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Discussion Starter #1
The gas engine starts when the battery is at 20% charge, how long does it run while I am driving? Does it recharge the battery and then shuts off? Thank you. Hugh
 

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The following applies to the Gen1. The engine will cycle on and off depending on the level of charge in the traction battery. The goal is to keep the level around 20% while you are driving. The demand for energy will fluctuate due to road conditions and your requirements. If you don't have a heavy foot on the accelerator pedal, you will find that you can travel a good distance with the engine off before it again comes on to turn the generator to replace used energy. If you are traveling at highway speeds, you may find that the engine is on most of the time to keep the level of charge in the 20% range. It is not desirable, nor will it occur, that the engine completely recharge the traction battery. Gasoline costs more than electricity.


Under some load conditions the engine torque will be split between turning the generator and turning the wheels in order to gain even more efficiency.
 

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The engine will not run enough to fully charge the battery. The engine will run just enough to power your driving and maintain the existing low level of battery charge. If you want a full charge on the battery, plug it in.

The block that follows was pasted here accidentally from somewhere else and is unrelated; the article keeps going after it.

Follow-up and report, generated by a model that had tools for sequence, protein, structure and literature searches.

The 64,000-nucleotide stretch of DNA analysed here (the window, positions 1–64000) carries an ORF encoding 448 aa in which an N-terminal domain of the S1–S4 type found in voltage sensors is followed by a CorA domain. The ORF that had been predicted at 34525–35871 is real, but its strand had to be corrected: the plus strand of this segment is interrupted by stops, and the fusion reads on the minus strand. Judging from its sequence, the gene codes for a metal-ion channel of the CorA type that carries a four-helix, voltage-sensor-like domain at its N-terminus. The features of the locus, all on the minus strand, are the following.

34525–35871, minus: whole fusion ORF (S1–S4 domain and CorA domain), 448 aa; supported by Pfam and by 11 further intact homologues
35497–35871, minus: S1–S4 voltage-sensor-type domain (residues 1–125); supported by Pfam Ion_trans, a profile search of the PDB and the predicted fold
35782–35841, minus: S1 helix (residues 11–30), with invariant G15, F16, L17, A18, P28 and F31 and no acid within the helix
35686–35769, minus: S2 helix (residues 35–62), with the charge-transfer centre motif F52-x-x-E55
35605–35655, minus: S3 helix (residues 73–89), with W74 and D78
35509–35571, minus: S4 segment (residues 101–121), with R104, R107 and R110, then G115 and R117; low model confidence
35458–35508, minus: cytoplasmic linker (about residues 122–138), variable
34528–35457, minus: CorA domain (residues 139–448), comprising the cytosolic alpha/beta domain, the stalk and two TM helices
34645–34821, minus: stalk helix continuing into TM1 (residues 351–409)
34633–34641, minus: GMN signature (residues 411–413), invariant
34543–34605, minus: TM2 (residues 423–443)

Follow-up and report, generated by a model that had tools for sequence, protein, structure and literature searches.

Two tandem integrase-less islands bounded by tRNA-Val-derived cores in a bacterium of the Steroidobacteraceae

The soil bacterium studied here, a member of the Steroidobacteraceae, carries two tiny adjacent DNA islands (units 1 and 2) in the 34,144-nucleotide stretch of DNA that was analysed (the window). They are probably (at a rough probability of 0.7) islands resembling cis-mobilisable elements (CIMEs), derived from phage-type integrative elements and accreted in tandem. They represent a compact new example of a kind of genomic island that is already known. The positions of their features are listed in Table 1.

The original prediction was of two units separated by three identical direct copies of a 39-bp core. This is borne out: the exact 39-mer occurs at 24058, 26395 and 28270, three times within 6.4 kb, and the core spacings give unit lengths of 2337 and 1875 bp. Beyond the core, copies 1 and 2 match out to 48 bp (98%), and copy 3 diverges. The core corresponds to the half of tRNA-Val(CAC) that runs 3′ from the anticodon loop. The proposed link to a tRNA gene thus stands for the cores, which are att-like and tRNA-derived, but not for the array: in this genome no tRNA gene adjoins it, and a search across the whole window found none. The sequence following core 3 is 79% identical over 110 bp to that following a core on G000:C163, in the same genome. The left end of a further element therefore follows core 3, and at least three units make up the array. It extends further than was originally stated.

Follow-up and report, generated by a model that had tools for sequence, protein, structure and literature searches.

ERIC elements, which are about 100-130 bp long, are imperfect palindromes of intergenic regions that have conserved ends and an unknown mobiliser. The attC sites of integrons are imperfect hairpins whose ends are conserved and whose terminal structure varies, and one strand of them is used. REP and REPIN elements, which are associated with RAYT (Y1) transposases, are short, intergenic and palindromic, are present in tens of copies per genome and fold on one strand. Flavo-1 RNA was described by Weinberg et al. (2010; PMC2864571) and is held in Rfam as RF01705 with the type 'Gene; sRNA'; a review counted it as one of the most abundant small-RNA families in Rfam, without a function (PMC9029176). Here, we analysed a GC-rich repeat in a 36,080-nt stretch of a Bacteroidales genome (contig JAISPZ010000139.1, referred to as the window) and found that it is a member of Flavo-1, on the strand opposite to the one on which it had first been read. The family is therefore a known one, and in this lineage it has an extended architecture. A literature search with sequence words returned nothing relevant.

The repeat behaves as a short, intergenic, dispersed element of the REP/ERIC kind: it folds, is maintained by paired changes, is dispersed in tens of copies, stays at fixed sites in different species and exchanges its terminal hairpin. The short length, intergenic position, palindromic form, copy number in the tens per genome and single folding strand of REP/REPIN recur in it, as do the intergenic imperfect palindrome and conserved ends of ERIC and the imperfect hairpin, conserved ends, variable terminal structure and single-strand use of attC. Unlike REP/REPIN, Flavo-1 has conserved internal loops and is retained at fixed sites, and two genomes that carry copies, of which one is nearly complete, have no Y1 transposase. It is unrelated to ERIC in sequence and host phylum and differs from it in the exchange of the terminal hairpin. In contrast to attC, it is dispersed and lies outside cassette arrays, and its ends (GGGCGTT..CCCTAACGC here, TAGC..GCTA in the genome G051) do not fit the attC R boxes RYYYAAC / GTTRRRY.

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Mountain Mode charges the battery up to 2 bars and then keeps it there so at two bars it becomes like Hold, i.e. the engine is providing all of the power unless you are in a high demand situation, climbing a mountain (that's why they call it Mountain Mode) or hard acceleration. In Normal mode the engine doesn't run until the battery is empty, then all of the power comes from the engine, the Volt is just a hybrid under those circumstances.
 

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If you select Mountain Mode after the Volt's battery is fully depleted the gas engine will engage motor generator A to charge the Volt's battery while you drive, building up approx. 2 bars (20% SOC) on the Volt's battery meter. The Volt Owner's Manual suggests that you engage MM at least 20 minutes before beginning to drive up a steep grade so that there is sufficient time to build up the battery reserve. The gas engine will continue to run in MM even after the battery SOC has reached 20%. The Volt will use the battery charge to assist the gas engine as required, for example when passing another vehicle while driving on the ascent. On the descent the gas engine may shut off if the amount of energy recovered using regen is sufficient to power the Volt's wheels. This would also happen if you were driving in Hold Mode whether or not the battery had any charge as you start the descent. On a long descent you may end up with 2 or 3 bars of battery SOC from the recaptured energy.